Thursday, 16 July 2015

We Will Always Have Paris.

A Bouquet, that is what it has. A beautiful bountiful ripe smelling bouquet quite unlike any other. That is what Paris has. Except after a heavy rainfall then it smells a bit like a drain. Unlike this adaption of Douglas Adams/David Fisher Doctor Who script the City of Death Which quite frankly comes up smelling of roses. Most writers would have felt daunted by the very notion of expanding on such a highly regarded and much cherished piece of work which all these years after its original transmission remains high on so many all time great lists. James Goss seems to have just embraced the terror of the notion and manfully revisited this diamond in the rough, paring at its surface, re-buffering the edges,creating a finish smooth enough to see our own grinning faces in . We are smiling as we read, reminded of halcyon days when two naughty time-lords traipsed through time and space armed only with their vast intelligence and wit and a sartorial eloquence that made their enemies almost expire under the weight of their own ennui. The Doctor and Romana, Tom and Lalla. Some people talk about the season this story took place in as something of a table wine at the feast, that old seventy nine. I would disagree, it tastes so much better than that, it being so much more play full on the palate, Impish but not sweet. I think if this wonderful season had ended as intended with the never completed story SHADA the whole era would be remembered with kinder eyes. It too resurfaced as a reworked novel version by Gareth Roberts(who by al accounts loved this period in Who history.) and a very wittily and fantastically performed reimagined version with Paul McGann and Lalla Ward for Big Finish.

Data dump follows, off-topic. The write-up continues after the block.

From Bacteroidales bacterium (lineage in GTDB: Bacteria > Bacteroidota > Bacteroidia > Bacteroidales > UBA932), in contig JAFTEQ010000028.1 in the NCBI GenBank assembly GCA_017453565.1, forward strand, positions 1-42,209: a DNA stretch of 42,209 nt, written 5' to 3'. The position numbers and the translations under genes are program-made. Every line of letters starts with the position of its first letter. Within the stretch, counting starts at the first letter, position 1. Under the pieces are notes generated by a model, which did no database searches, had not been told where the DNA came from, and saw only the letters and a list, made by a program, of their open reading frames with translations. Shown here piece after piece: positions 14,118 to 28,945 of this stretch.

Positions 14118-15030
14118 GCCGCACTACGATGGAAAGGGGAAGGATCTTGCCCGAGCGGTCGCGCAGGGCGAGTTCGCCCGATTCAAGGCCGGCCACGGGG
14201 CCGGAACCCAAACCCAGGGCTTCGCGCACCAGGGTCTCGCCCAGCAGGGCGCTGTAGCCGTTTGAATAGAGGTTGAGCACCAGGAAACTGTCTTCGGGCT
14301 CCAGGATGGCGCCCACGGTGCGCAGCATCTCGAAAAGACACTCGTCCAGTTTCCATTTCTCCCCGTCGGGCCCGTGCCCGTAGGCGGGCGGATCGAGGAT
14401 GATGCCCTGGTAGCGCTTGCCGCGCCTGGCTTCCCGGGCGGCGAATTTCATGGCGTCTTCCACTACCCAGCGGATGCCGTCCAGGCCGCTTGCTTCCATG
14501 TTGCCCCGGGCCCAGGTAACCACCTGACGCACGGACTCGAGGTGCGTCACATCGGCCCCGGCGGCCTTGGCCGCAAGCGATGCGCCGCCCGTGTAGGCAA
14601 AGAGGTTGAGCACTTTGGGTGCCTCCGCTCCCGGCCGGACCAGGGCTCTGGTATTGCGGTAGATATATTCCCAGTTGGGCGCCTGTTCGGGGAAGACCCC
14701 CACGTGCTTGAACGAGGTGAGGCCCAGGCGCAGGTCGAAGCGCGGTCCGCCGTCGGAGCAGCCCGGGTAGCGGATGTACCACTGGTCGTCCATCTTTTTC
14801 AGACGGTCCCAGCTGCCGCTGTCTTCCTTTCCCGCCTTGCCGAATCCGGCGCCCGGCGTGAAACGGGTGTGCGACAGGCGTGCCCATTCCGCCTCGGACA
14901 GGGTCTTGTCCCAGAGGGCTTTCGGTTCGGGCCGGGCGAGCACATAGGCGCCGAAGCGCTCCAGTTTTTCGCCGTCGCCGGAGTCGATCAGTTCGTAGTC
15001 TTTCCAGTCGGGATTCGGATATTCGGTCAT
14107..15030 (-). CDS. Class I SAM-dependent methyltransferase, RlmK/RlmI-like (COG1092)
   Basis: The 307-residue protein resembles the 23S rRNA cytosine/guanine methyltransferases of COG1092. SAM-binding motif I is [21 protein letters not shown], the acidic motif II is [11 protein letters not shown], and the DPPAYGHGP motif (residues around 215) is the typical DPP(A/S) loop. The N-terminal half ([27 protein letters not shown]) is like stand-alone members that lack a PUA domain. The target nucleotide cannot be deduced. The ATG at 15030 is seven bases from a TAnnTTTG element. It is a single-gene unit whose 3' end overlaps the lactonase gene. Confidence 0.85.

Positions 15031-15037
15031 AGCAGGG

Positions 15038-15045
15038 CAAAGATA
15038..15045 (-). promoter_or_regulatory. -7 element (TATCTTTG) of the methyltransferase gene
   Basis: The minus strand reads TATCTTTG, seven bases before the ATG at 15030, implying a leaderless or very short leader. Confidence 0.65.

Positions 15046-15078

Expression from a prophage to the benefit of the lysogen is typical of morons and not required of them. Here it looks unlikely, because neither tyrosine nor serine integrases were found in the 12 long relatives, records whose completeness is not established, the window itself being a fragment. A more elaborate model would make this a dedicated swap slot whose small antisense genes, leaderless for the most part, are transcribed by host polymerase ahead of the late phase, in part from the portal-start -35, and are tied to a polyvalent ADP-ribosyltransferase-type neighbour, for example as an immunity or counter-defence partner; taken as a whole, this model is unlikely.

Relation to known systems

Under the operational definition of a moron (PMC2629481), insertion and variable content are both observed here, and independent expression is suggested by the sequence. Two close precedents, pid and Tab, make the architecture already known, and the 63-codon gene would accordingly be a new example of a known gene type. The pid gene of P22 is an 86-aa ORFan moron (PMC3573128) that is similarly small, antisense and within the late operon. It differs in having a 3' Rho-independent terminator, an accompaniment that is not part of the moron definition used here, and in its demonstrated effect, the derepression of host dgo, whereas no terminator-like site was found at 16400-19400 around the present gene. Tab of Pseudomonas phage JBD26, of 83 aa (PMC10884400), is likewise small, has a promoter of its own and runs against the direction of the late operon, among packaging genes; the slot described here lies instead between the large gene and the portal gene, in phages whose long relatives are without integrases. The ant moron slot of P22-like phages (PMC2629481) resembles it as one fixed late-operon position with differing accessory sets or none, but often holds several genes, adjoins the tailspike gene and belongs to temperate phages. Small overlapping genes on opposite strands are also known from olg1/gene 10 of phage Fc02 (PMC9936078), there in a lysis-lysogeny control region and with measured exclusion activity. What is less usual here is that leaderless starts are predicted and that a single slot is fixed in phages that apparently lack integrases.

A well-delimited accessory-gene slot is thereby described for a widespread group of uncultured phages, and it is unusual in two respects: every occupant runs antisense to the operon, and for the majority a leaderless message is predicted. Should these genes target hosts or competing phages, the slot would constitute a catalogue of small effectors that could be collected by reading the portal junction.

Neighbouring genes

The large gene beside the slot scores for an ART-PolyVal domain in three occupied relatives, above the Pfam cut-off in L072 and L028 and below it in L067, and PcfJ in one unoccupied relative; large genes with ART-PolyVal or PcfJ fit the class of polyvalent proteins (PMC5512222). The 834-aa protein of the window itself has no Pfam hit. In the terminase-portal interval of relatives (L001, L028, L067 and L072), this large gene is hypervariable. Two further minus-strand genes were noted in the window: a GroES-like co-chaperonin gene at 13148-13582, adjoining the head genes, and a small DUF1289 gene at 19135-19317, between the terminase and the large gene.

You know I can remember the days when the novelisations of episodes was the closest one could get to reliving adventures again and again( whilst the rest of the world seemed to be out in the sun playing football....ah, those were the days.Poor pale old me...)This book seems so much more as James Goss grasps that lovingly seat of the pants created script and runs giddily through the streets of 1979 Paris dragging all who read the novel with him. It is so well written that I know after a couple of rereads I will be remembering his version as the televised version I watched on our families old black and white set. We did eventually got a colour television and I can truthfully say I never saw a bluer blue than the solid blue of the Tardis. It is still the colour of home to me.
                Your bookshelf cheerily awaits a copy of this book.